The Maryland Environmental Health Network takes action to protect human health by addressing environmental policies and practices that shape the conditions for health equity in Maryland.
Vision: We envision a Maryland where everyone – regardless of socioeconomic status – enjoys clean air, water, and food, and benefits equally from safe environments in homes, schools and communities. We envision a Maryland where human health is understood to be a function of economic, environmental, and social factors which must be balanced to achieve Quality of Life for all.
Mission: The Maryland Environmental Health Network seeks to improve the health of Marylanders by minimizing exposures to environmental threats and toxic chemicals, through effective environmental legislation and institutional policies.
Values: In all of our endeavors, we are guided by 4 values:
- We are mindful of the experience, perspectives, and involvement of people and communities most affected by pollution.
- We are guided by science and research, in developing our advocacy stands and solutions.
- We understand that, in this field especially, the solutions are complex and sometimes imperfect.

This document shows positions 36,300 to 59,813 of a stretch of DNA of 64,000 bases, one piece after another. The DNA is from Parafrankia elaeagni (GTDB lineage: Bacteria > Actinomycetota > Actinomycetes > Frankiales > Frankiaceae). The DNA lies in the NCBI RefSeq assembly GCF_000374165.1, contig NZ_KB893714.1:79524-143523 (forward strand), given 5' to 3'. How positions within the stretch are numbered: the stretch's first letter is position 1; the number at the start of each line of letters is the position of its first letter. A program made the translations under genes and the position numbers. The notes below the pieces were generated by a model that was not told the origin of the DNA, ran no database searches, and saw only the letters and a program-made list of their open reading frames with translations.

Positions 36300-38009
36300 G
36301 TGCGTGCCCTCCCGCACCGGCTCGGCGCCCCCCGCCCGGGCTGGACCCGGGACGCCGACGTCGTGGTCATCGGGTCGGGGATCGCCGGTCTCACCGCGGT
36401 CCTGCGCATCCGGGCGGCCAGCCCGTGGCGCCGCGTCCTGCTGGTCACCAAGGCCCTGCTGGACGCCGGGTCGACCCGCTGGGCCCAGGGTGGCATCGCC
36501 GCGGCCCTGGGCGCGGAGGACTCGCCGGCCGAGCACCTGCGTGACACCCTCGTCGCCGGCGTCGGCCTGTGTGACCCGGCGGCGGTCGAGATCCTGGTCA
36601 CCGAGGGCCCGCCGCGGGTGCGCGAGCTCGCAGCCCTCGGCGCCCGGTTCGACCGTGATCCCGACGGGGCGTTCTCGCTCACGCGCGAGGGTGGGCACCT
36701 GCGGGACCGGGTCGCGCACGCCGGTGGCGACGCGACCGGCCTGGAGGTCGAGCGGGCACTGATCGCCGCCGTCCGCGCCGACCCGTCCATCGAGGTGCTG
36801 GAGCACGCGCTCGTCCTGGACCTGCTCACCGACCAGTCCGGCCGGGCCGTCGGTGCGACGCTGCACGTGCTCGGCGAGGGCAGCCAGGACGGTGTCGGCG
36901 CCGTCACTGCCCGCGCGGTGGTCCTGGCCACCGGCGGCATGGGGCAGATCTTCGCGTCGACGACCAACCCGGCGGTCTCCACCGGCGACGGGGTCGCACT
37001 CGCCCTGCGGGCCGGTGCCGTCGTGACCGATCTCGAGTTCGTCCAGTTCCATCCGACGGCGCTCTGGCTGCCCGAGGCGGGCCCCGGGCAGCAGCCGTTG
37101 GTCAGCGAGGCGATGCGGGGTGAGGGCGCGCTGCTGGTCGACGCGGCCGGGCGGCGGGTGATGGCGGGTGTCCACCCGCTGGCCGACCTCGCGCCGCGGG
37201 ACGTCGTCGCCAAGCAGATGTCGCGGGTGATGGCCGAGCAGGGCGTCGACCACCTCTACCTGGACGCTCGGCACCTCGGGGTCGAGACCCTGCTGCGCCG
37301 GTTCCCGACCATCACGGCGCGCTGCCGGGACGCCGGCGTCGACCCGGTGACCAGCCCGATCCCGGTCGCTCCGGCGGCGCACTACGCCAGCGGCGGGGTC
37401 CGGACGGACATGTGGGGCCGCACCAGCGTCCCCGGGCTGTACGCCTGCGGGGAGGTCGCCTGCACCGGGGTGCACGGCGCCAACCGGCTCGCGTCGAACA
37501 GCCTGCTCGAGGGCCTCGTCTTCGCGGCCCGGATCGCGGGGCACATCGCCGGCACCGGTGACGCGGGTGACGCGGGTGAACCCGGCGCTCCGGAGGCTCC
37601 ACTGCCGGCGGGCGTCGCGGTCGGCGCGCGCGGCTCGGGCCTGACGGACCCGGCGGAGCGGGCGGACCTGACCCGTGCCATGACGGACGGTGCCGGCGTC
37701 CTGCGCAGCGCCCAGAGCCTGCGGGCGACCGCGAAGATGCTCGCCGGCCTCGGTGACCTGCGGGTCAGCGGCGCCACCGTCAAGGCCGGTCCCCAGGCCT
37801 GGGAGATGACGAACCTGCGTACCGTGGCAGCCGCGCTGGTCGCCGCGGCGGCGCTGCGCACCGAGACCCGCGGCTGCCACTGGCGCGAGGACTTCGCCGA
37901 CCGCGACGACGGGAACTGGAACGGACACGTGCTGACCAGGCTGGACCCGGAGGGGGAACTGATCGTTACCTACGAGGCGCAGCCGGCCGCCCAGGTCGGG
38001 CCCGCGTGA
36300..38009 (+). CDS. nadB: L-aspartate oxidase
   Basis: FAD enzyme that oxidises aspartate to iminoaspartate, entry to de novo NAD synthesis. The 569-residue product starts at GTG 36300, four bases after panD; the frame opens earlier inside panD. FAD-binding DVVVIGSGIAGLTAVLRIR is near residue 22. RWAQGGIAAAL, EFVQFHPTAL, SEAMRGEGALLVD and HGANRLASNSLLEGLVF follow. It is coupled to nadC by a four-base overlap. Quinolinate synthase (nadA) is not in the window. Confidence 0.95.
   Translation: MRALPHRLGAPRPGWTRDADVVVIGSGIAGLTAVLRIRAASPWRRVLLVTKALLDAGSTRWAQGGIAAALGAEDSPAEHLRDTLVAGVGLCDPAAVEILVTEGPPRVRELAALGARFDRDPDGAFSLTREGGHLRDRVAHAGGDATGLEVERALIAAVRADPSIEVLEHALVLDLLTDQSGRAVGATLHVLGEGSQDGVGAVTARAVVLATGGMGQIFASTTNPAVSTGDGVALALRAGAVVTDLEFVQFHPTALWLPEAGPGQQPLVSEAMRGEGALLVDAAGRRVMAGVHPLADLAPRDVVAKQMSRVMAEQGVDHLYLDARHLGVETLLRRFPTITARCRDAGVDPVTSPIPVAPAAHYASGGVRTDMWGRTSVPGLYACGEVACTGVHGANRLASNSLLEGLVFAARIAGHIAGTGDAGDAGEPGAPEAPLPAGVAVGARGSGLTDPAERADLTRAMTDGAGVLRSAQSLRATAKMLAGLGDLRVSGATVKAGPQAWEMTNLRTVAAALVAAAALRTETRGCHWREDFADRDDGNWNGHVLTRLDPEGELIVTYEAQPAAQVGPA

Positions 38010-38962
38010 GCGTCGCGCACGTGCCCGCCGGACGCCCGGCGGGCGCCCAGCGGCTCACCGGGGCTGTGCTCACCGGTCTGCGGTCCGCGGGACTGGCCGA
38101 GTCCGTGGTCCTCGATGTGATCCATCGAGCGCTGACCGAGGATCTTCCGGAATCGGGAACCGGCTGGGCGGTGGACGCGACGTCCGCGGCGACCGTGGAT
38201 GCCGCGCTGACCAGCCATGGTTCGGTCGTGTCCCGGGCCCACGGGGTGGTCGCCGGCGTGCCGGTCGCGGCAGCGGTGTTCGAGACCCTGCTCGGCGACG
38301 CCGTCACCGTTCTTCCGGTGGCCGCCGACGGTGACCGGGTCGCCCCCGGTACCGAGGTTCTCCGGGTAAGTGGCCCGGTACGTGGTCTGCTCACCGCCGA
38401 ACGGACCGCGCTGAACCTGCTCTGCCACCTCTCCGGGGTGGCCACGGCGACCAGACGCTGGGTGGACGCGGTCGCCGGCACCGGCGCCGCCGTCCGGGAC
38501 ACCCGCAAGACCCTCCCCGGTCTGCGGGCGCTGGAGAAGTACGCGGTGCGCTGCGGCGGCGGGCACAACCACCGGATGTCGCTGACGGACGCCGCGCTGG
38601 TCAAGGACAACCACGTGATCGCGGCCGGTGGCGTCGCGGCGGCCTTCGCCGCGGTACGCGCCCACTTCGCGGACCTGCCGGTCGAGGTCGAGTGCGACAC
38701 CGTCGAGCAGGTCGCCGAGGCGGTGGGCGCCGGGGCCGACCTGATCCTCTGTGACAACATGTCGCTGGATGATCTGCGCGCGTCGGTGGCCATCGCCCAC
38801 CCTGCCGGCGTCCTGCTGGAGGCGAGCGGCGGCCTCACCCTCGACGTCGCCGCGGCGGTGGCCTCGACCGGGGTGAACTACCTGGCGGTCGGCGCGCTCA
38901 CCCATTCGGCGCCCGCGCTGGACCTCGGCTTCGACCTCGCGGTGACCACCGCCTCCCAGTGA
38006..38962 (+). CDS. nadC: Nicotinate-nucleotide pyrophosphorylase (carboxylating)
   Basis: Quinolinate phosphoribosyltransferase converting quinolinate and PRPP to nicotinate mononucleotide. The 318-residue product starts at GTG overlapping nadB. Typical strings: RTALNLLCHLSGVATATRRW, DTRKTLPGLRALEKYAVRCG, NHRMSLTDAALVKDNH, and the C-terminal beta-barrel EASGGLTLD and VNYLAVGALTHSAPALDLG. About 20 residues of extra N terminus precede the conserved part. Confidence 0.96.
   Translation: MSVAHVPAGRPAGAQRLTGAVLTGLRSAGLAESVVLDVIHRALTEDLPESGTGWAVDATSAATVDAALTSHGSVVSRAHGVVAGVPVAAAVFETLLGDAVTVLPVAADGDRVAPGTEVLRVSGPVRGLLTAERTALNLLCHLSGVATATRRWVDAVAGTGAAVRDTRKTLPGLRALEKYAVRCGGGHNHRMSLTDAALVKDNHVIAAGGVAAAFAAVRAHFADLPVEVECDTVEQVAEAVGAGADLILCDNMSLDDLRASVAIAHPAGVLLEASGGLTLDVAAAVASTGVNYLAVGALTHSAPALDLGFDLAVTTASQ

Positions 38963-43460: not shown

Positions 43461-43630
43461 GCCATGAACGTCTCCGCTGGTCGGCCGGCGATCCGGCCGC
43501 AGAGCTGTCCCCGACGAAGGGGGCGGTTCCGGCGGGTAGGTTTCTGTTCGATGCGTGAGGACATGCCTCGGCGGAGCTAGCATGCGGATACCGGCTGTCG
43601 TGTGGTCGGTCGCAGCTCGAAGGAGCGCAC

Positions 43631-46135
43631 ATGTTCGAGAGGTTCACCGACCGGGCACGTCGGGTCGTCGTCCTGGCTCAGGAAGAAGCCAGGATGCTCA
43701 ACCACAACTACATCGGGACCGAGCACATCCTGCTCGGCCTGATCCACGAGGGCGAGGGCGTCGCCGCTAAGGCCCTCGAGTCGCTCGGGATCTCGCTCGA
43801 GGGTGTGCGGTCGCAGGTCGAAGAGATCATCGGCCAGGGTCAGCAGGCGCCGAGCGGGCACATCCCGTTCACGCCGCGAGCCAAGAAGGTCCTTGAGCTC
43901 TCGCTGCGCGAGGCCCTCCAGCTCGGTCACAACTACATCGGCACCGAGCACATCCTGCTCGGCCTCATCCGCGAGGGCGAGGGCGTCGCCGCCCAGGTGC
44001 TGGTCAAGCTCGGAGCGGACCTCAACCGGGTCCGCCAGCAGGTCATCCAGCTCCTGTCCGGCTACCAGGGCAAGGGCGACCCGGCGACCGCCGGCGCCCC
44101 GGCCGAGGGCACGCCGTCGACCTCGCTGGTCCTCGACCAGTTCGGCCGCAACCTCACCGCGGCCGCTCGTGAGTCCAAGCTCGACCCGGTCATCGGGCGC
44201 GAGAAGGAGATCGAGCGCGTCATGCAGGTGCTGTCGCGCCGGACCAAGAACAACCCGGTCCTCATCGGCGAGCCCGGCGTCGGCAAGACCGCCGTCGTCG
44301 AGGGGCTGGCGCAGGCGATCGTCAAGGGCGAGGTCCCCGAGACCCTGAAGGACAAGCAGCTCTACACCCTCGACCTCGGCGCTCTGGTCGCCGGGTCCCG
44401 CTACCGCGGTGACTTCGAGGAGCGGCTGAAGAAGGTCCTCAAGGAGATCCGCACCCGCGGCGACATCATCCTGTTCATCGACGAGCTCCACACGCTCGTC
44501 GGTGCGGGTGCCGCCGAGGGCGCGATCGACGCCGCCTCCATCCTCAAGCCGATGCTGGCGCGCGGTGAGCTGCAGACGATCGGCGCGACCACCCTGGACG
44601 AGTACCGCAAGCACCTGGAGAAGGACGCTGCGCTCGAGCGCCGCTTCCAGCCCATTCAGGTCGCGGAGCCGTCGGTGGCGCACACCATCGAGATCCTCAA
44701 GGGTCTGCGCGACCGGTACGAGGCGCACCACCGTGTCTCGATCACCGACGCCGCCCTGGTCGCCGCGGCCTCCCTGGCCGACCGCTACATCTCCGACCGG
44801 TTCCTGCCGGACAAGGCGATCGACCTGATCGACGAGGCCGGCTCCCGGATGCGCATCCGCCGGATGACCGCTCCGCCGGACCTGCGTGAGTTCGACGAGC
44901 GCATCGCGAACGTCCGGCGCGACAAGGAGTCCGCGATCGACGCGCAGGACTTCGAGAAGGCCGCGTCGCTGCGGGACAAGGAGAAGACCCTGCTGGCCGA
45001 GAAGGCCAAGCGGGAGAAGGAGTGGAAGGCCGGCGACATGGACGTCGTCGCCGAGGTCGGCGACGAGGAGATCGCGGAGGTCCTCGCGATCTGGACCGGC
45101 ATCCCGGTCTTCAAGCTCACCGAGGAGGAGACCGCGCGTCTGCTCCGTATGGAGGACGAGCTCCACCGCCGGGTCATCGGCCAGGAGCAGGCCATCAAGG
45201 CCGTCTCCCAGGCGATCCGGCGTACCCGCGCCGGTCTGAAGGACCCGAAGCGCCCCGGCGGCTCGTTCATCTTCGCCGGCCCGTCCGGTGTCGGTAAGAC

- We seek partners and collaborations where we promote efforts to create a healthier Maryland.
MdEHN focuses our attention in three areas:
- Energy Policy – including air pollution and many of the policy decisions related to climate change and;
- Toxics – comprising chemicals and pesticides in industrial and consumer use.
- Environmental Justice & Health Equity – addressing vulnerable populations and evaluating the pollution burden from energy and toxics policy on specific communities
Roles Played By MdEHN
- A watchdog organization to assure that health and equity commitments made by state agencies and commissions are fulfilled.
- An advocate for health through our legislative agenda based on science.
- A government partner to assure implementation of environmental health policies and laws.
- A convener of experts to translate science for the benefit of affected communities and for policy-makers.
Find out more: